'If it ain't broke, don't fix it', right? Well the Vincero Design Stratus20 bottle/mount system thinks it can improve on the traditional model with a cageless magnetic system. It certainly makes for a nice party trick at the cafe stop, but is it really a better option?
You get an idea of the design from the photos but a simple male (bike) and female (bottle), slot and groove connection is held in place by two magnets - about the size of a 1p coin - in the bottle and mount recesses. If you're sitting there with your pessimist hat on, take it off, these little magnets are hugely powerful; installing the mount, my allen key kept sticking to it on each tighten and I often had to separate pots and pans from the bottle in my drainer.
The true test of the magnets' strength though is when riding and I can say they are up to the job. Not once did I lose the bottle or even have it rattle - the slot is designed such that the magnet pulls into a triangle, preventing a loose fitting. I also tested it on my mountain bike with equally impressive results: even on the rockiest of descents, I didn't notice the bottle until I got to the bottom to find it was still there.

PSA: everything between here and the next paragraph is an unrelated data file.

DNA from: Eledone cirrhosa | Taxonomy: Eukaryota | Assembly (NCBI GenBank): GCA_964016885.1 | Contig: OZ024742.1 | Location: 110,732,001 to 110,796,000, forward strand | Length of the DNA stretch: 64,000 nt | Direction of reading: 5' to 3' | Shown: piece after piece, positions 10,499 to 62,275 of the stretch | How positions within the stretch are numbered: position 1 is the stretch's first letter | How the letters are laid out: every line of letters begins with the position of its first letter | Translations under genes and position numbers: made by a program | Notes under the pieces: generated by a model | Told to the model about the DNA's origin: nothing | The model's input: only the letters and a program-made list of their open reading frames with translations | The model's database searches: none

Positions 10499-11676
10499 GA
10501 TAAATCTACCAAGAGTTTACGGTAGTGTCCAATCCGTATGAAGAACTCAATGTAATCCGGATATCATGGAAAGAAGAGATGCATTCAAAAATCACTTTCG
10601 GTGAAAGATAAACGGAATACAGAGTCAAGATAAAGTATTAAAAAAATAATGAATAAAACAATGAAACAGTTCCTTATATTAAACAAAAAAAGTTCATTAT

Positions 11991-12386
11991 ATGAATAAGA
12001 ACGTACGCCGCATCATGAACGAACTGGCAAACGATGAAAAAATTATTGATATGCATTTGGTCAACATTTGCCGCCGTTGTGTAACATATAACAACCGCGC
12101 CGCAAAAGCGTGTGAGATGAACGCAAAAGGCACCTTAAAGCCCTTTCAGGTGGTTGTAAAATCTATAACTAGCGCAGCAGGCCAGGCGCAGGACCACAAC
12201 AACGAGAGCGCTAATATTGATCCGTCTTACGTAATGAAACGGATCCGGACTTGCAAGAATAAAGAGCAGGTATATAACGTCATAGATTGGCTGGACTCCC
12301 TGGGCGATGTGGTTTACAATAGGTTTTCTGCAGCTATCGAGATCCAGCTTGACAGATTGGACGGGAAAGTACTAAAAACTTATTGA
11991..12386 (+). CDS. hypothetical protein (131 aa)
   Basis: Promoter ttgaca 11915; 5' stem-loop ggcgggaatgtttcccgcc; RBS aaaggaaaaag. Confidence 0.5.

Reaching for the bottle is much easier than one in a cage: because it isn't clamped, you can pull the bottle away in any direction. Replacing it is even easier: simply hover in the general direction of the mount, the magnets attract and guide it in; you don't even have to look down.
To help soften the £33.99 RRP, a Camelbak style 'medical grade' silicone valve is included in the bottle. I haven't used one of these for a while but it works well and should mean the bottle will last longer since the valve isn't becoming chewed up (the valve doesn't require opening and closing, just suck). They are a bit harder to clean but thankfully, the 'stratus' bottles can go in the dishwasher - just keep them on the top shelf with the temperature low.